As the blockchain is one of the safest technologies that can be found when it comes to recording and storing large amounts of data, it is an excellent software to use for the safekeeping of genomic data. Furthermore, the distributed ledger technology enables permissioned users with the access keys to view parts of data while other parts remain hiding. This, in turn, makes genome data stored on the blockchain accessible to scientific researchers while keeping the identities of genome data donors anonymous.
“[...] Scientists [...] will have access to the metadata - the data about the data, such as age, ethnicity, gender, etc. - and can search for potential subjects whose data might be useful and interesting for their studies. That search reveals nothing specific or personal about the donor, and it does not give them access to the genomic data itself. But they can make a request to the donor, who can then choose whether to allow its use, negotiate terms for getting paid for that use (possibly), and finally go through the ethical consent procedure necessary for their particular jurisdiction,” Koepsell elaborated about the Gene-Chain.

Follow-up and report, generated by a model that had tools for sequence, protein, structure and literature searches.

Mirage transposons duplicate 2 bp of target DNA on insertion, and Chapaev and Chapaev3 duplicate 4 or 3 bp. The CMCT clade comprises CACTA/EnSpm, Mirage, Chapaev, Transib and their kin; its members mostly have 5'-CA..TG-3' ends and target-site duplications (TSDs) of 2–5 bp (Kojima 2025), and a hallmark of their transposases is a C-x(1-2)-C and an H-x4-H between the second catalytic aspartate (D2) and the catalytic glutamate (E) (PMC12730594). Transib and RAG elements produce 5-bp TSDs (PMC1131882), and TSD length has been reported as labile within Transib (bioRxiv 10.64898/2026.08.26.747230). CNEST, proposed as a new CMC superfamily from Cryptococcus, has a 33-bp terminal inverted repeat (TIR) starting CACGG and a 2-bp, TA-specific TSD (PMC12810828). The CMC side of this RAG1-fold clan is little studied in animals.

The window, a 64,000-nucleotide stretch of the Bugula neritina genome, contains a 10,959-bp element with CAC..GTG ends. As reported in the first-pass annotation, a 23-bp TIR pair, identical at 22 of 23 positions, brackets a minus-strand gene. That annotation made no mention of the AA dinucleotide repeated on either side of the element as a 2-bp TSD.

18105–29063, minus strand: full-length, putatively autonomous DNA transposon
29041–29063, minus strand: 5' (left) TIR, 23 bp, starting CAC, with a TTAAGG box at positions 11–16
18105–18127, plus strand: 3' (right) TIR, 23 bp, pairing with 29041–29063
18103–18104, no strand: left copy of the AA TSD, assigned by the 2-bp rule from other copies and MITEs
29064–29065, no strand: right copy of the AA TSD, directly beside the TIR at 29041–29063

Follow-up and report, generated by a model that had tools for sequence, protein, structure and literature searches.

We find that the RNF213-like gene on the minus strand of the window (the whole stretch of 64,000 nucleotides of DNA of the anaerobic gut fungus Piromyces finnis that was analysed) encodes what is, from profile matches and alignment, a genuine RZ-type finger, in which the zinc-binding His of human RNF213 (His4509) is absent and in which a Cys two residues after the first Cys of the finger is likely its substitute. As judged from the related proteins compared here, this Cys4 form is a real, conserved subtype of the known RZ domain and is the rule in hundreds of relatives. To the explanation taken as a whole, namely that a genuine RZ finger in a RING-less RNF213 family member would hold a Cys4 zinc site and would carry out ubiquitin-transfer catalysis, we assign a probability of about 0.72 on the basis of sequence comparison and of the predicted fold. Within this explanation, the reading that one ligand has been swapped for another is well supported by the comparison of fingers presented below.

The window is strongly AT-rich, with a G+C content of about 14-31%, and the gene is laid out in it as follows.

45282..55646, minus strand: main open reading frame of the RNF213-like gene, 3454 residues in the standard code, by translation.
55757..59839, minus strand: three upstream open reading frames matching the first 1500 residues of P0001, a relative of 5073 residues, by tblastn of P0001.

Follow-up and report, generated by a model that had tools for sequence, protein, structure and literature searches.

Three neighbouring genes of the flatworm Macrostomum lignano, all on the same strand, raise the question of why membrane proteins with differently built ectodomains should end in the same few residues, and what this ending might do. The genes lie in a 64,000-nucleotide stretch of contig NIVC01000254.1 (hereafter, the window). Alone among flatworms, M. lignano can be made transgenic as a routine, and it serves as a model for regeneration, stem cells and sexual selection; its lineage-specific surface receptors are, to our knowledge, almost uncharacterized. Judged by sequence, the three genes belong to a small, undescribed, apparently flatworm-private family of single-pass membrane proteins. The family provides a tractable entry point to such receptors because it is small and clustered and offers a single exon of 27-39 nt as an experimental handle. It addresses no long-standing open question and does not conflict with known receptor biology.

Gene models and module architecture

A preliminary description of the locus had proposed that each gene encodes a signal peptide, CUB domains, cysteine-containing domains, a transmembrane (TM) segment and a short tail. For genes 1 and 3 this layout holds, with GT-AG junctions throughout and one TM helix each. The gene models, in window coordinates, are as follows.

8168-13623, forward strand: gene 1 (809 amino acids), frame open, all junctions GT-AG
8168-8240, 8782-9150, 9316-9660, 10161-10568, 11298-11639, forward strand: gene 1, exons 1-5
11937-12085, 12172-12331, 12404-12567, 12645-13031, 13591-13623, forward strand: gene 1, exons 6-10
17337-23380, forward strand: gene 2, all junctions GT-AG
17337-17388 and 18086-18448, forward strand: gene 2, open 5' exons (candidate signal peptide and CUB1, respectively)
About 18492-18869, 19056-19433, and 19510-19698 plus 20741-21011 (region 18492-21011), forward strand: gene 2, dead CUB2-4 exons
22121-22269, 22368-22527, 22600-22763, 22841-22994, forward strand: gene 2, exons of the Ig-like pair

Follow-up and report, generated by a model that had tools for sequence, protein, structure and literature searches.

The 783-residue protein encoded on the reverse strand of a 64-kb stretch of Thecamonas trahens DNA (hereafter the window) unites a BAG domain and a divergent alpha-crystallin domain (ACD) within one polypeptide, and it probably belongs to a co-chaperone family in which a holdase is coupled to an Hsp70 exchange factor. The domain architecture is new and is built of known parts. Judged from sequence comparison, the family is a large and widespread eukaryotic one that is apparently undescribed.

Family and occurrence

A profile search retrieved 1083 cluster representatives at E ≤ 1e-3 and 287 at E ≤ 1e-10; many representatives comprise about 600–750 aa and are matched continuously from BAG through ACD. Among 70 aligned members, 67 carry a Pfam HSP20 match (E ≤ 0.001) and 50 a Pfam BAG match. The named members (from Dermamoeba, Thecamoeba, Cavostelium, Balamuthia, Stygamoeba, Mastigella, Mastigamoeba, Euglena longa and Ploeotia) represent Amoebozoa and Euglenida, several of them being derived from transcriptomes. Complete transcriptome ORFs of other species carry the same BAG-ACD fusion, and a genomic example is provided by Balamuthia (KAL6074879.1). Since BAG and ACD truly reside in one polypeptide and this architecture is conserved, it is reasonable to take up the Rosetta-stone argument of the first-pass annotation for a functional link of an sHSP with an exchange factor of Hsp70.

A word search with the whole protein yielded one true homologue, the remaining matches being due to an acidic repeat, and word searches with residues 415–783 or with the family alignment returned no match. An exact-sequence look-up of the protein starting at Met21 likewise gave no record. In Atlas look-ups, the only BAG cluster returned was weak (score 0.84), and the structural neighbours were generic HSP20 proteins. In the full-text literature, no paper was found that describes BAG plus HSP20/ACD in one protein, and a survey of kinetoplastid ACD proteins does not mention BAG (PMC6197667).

While blockchain technology is currently in the process of revamping major global industries such as banking, supply chain management, and the music industry, it is very encouraging to see the distributed ledger technology being applied to areas that have a fundamentally positive impact on society and individuals’ well-being.
The closer we get to the $100 genome, the higher the chance for genome data abuse becomes. By developing genome data storage solutions based on blockchain technology we as private individuals can benefit from knowing our genome data and being able to share it with our health practitioners without having to worry about the potential misuse of our data. The development of Gene-Chain is the first technological step to making that a reality.